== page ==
Santa Rosa Fern
Aglaomorpha coronans

Family: Polypodiaceae
Genus: Aglaomorpha (ag-lay-oh-MOR-fuh) (Info)
Species: coronans (kor-OH-nans) (Info)
Synonym:Pseudodrynaria coronans
Synonym:Drynaria coronans
Synonym:Phymatodes coronans
Synonym:Pleopeltis coronans
Synonym:Polypodium coronans

Category:

Ferns

Epiphytes

Height:

36-48 in. (90-120 cm)

4-6 ft. (1.2-1.8 m)

Spacing:

6-8 ft. (1.8-2.4 m)

Hardiness:

USDA Zone 10a: to -1.1 C (30 F)

USDA Zone 10b: to 1.7 C (35 F)

USDA Zone 11: above 4.5 C (40 F)

Sun Exposure:

Sun to Partial Shade

Light Shade

Partial to Full Shade

Danger:

N/A

Bloom Color:

Inconspicuous/none

Bloom Time:

N/A

Foliage:

Grown for foliage

Evergreen

Leathery-Textured

Other details:

Requires consistently moist soil; do not let dry out between waterings

Soil pH requirements:

5.6 to 6.0 (acidic)

Patent Information:

Unknown - Tell us

Propagation Methods:

From spores

Seed Collecting:

N/A: plant does not set seed, flowers are sterile, or plants will not come true from seed

Regional

This plant has been said to grow in the following regions:

Clayton, California

Hayward, California

Long Beach, California

Stockton, California

Brandon, Florida

Miami, Florida

Naples, Florida

show all

Gardeners' Notes:

4
positives
1
neutral
0
negatives
RatingContent
Positive

On Feb 28, 2015, hornemadness from Long Beach, CA wrote:

Though frequently listed as an aglaomorpha, this plant is an intergeneric hybrid between aglaomorpha coronata and drynaria quercufolia. An alternate appellation for this fern is aglaodrynaria robertsii.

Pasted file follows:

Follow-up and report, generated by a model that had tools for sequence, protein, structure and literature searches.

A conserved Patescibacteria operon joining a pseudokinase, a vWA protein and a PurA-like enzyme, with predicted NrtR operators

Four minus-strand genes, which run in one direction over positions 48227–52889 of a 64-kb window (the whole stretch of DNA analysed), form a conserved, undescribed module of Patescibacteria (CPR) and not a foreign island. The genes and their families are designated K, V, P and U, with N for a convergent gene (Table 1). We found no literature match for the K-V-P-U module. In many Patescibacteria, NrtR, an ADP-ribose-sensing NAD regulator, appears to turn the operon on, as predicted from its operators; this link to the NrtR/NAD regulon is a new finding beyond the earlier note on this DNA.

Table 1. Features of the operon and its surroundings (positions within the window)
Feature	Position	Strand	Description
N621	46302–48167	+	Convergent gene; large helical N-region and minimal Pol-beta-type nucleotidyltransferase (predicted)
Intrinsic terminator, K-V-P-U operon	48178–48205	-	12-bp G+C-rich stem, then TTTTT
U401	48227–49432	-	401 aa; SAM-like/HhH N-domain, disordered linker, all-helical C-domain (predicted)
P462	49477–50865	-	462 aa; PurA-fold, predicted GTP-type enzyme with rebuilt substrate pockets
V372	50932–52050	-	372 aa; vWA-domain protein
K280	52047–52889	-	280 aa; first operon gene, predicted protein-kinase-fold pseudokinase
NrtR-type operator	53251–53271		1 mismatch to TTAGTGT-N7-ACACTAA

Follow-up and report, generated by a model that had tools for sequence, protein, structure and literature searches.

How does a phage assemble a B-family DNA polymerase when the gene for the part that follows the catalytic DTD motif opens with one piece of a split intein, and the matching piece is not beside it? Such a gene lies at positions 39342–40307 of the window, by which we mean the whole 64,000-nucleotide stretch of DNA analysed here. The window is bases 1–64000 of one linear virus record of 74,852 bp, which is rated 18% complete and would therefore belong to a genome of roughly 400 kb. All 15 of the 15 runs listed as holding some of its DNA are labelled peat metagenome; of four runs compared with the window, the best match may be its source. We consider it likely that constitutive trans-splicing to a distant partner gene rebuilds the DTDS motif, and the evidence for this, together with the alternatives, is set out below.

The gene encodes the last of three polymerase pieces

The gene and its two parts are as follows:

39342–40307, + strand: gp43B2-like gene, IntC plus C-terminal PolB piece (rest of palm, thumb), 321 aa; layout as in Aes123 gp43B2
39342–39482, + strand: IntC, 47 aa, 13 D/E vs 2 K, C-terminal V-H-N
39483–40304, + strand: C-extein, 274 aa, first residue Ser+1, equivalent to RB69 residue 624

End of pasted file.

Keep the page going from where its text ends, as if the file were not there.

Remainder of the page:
Positive

On Sep 2, 2008, BayAreaTropics from Hayward, CA wrote:

Vastly underused fern in the bay area. Strong grower with thick fronds. In three years mine has grown fronds that were about 16" ~close to 4'. Hardy to 30f with no damage. And, is resistent to slugs and snails somewhat. Regular fertilizing and strong lighting will push the big growth. One of the big three epyphitic ferns for tree mounting along with Asplenium nidus and Platycerium bifurcatum.
Not easy to find and that's a shame, as one of these mounted in a tree with the other's would be as jungly as you can get.

Neutral

On Mar 24, 2007, Cretaceous from El Sobrante, CA (Zone 9b) wrote:

This fen is native to Vietnam.

Positive

On Nov 30, 2006, charliwolf from West Blocton, AL (Zone 7b) wrote:

We sell this plant at the nursery where I work. I own one and have found that if you allow it to dry between waterings, thatit will drop fronds. Otherwise very easy to grow, Good plant for beginners, grows relatively quickly, likes to be slighly root bound, and does well hanging. Very unusual to look at. Very good pic at exoticangels.com - which is where our company gets ours.

Positive

On Sep 8, 2004, palmbob from Acton, CA (Zone 8b) wrote:

Attractive epiphytic fern- commonly used for hanging baskets and wall/tree mounts in warmer areas of Southern California. Has long, leather leaves with wide leaflets. Rhizomes are highly ornamental as they are so thick and fuzzy (up to 1" thick).